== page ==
By Toby Breakspear, Alberto Quizon, Andy Huang, Lucie Hlavsova, 2020 – 2022


The Regatta Pavilion is currently under construction on the bank of the Nepean River in Regatta Park. More information coming soon.

By Toby Breakspear, Alberto Quizon, Lucie Hlavsova, Andy Huang , 2020-Current.


The Manly Art Gallery and Museum [MAG&M] will integrate the building with the surrounding public realm, create a strong and inviting identity, improve the exhibition rooms and introduce new facilities that will see the gallery become a vibrant community meeting place with space for events, education, performance, study and a cafe.

By Toby Breakspear, John Kang, Ciaran Acton, Matthew Argent, 2018. For Northern Beaches Council


A new lifeguard tower is to be installed at Bronte Beach for Waverley Council. The tower is positioned and oriented to provide a permanent lookout point with uninterrupted vistas and quick access to the two ends of the beach where people frequently need rescuing from strong rips in the water. The tower’s form and presence is responsive to the beautiful beach environment in which it is placed. The structure will be prefabricated for easy installation and removal from the site, in much the same way beach-goers arrange and pack-up their towels, umbrellas, surfboards. Made from pre-cast concrete, the tower’s sculptural form will withstand and playfully interact with the beach’s shifting sands and incoming tides.Â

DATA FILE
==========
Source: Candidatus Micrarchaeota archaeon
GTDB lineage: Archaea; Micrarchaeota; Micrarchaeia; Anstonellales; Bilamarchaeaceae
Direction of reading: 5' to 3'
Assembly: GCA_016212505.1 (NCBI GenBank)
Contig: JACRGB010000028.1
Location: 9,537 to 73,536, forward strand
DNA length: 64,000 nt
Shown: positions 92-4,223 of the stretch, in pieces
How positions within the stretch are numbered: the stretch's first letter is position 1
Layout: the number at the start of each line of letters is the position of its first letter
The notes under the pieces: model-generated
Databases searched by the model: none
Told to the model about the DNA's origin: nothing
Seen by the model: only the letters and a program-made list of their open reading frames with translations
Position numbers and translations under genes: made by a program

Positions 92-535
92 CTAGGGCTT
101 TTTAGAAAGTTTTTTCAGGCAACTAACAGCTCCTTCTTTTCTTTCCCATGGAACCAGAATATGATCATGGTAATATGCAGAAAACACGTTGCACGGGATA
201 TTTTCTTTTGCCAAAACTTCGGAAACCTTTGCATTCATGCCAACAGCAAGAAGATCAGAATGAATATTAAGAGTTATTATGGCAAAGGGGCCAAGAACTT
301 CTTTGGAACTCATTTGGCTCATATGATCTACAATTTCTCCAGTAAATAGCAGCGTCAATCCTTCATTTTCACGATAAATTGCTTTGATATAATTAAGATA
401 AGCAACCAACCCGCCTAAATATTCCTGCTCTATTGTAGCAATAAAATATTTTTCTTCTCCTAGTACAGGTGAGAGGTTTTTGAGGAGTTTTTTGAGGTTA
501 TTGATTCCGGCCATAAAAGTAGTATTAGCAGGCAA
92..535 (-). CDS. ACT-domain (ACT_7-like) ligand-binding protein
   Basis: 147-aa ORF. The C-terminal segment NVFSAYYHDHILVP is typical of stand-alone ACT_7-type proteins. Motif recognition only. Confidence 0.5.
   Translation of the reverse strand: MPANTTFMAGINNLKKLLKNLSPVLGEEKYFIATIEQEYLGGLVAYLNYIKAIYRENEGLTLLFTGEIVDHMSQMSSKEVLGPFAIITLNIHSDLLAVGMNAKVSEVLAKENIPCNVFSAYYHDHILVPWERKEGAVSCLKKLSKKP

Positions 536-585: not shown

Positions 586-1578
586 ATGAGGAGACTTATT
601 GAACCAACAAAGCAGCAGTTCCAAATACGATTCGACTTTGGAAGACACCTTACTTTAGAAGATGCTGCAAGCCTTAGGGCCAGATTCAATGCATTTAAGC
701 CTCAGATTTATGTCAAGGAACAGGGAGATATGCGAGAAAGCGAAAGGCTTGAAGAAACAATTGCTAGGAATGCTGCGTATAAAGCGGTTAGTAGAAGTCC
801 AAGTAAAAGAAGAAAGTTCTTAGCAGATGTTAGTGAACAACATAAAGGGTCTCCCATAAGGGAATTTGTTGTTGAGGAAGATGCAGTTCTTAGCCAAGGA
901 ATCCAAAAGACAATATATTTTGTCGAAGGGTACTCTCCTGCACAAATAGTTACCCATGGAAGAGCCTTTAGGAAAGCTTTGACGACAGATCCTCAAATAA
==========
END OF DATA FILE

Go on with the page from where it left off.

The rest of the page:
By Toby Breakspear, Tiffany Liew, 2017-Current. For Waverley Council.


A surprise to the Sydney Road House site is the rear garden’s tranquility in contrast to the busy street address. The renovation reorganises the main living and bedroom spaces away from the traffic noise to connect with the garden. A magnificent frangipani and established mulberry tree, planted perhaps not long after the original cottage was built 100 years ago, are rediscovered to become a focus of the rear extension.

A timber truss spans the site’s width to enclose the upper level bedroom and make uninterrupted ground level living spaces. The structure gives the bedroom baffled privacy from oblique neighbours and affords direct views to Sydney Harbour beyond. When the glass doors are slid open, the garden and interior join as a single room. The new concrete floor is sunken to meet flush with the grass, creating an intimacy between inside and outside. Northern sunlight enters the new living rooms through a double height void. Through the void a fine steel staircase and bridge link with the master bedroom. Sydney Road House’s new zinc-clad facade and interior become inseparable from the garden. The whole site becomes an unexpectedly serene experience of dwelling through a simple reorganisation of space.